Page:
1. capt rob
      Capt. Rob ChichesterJanuary 31, 2019

      Hi Jeff.

      Thanks for your question. I don’t have a lot of advice for you regarding USCG internal procedures. Perhaps you can contact the Office of Personnel and try to get a copy of your service record. Alternatively, is there anyone at that small boat station who knew you? Would the OIC be willing to write a letter? The last and least likely option would be to fill out your own sea service form and see if anyone there would sign off on it for you. Now the regulations speak of a Certificate of Discharge being acceptable. See for example 46 CFR 10.232 ( If you already have that, you might be good to go!

      So…start with your Certificate of Discharge and if you don’t have that, then contact the Office of Personnel to see if you can get the requisite documents. Let me know how you make out!

      Capt. Rob

  2. Dennis StanleyJune 17, 2018

    Hi Captain Rob, My name is Elton the 66 year old owner of a small 35 ft. Kingscraft houseboat. I spend a lot of time on one large lake. It is an older wonderful all aluminum vessel but weighs only about 8000 lbs. In the chart the lowest weight rating is 17 tons. I would love to educate myself and become a Captain. Is that possible at some level? I would also have to document my own time as pilot.

    1. capt rob
      Capt. Rob ChichesterJune 18, 2018

      Sir, you have open to you both options that I describe in my article. You could pursue either a Master’s license OR an Operator of an Uninspected Vessels license. From what you have written, I see no inherent obstacles. You must be able to document your seatime, get a medical evaluation, and pass the 4 or the 3 parts of the written exam depending on which license you choose to pursue. In any event, you would qualify for an Inland license. Your tonnage rating would also depend on which license you pursue. Solely based on what you have said above, you would qualify for a 50 ton Master’s license. If you pursue an OUPV, that comes with a tonnage rating of 100 tons. For most people, the biggest challenge is acceptably documenting seatime. (It needs all be as captain. You can include time served as master, mate, or crew but NOT as a paying passenger.) If your concern is your age, I know a few captain’s in the 60s and 70s. I am one of the former myself. Good luck!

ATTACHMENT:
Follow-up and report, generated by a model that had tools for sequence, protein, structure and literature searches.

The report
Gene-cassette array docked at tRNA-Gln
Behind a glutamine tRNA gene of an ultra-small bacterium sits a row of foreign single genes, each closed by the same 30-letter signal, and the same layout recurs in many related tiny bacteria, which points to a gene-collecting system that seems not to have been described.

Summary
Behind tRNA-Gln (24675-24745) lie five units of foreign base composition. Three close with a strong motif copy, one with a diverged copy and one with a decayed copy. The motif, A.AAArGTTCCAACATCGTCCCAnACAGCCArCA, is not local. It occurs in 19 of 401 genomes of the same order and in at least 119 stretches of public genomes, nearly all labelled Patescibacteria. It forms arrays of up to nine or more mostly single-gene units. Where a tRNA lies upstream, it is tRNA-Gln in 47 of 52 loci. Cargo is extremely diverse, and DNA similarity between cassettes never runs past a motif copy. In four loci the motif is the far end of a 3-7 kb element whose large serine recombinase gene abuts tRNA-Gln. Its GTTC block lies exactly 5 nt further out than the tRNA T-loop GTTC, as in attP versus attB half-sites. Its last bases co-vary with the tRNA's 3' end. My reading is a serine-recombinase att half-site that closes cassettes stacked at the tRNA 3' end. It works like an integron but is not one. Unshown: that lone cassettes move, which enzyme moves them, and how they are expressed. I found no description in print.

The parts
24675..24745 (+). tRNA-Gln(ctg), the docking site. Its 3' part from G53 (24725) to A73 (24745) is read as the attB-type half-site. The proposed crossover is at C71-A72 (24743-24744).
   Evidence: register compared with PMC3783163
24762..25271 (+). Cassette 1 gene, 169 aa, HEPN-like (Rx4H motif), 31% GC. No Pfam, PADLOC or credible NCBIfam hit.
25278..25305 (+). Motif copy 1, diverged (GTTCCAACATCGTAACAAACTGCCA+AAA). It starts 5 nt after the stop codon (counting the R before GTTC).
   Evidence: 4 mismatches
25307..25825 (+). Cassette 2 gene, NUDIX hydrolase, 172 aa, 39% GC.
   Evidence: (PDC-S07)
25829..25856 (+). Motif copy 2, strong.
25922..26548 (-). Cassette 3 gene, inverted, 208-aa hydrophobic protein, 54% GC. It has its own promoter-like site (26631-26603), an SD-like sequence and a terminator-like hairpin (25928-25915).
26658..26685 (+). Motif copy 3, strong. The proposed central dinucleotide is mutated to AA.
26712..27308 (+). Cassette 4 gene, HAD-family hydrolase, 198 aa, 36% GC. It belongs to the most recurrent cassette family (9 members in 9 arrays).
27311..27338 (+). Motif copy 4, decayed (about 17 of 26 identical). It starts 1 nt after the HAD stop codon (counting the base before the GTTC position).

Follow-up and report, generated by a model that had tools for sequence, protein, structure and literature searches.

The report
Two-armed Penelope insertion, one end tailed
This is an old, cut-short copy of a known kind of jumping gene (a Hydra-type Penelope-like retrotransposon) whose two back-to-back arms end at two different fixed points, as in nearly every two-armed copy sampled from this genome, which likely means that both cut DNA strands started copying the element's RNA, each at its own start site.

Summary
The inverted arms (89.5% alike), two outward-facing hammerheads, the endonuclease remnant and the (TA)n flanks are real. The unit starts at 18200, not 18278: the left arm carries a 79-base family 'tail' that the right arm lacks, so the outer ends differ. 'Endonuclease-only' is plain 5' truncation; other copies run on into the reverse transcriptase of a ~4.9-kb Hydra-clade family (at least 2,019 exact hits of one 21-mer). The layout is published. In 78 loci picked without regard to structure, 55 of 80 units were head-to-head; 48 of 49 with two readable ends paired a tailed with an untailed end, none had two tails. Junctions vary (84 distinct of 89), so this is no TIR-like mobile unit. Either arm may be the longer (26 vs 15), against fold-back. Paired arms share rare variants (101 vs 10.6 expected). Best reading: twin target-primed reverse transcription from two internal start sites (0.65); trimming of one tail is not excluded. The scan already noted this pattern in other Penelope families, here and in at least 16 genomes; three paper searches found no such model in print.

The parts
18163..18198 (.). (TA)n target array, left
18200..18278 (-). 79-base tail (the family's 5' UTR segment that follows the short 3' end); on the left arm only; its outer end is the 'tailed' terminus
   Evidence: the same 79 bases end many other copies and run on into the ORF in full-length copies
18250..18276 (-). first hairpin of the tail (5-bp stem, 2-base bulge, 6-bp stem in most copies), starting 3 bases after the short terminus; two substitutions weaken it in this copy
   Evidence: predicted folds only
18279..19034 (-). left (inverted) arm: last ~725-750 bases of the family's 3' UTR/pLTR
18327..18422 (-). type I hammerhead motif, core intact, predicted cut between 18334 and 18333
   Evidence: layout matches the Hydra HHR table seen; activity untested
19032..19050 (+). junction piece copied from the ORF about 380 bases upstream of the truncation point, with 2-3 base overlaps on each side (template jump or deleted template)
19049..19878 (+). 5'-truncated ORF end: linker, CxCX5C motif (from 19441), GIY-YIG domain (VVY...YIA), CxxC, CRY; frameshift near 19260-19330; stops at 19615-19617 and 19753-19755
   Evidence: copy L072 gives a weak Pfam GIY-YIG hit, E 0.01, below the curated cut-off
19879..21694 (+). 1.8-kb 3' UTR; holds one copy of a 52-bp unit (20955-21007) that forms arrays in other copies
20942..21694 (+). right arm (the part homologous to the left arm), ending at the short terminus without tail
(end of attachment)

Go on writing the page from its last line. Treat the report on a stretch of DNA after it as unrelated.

3. John Kyle O'ByrneFebruary 23, 2018

    Capt.Rob I am US Army Veteran And I was wondering if their was a school i could attend to obtain a licence, I ask this because i have to decide what i want to go to school for and this job would be a top pick for me. Any help on this matter would be greatly appreciated thanks

    1. capt rob
      Capt. Rob ChichesterFebruary 26, 2018

      There are MANY captain schools that can help you with the written tests but there are NO schools that can help you with the sea time requirements unless you are considering enrolling in a maritime college like Kings Point or Fort Schuyler in the New York State university system. I used Mariners Learning System for my written tests only because it was more convenient than going to the USCG REC to take the exams.

    2. Brian AricoJune 10, 2018

      Where would I get sea service forms . I have owned and operated my own boats for over 30 years and am now being asked to get a captains liscence

      1. capt rob
        Capt. Rob ChichesterJune 18, 2018

        There is a link in the article for the National Maritime Center. All the forms you needs can be found on their website. Alternatively, you can search for USCG National Maritime Center with your favorite search engine.

  4. AndrewFebruary 21, 2018

    Hey Rob,

    Couple questions. Would working as a divemaster on a dive boat in the Gulf of Mexico count for near coastal sea time? And if you were to have 8 hours of sea time in one day, could you potentially count that as two days at sea? Or would it still be just one day? Thanks for all the info this has been a huge help!


    1. capt rob
      Capt. Rob ChichesterFebruary 22, 2018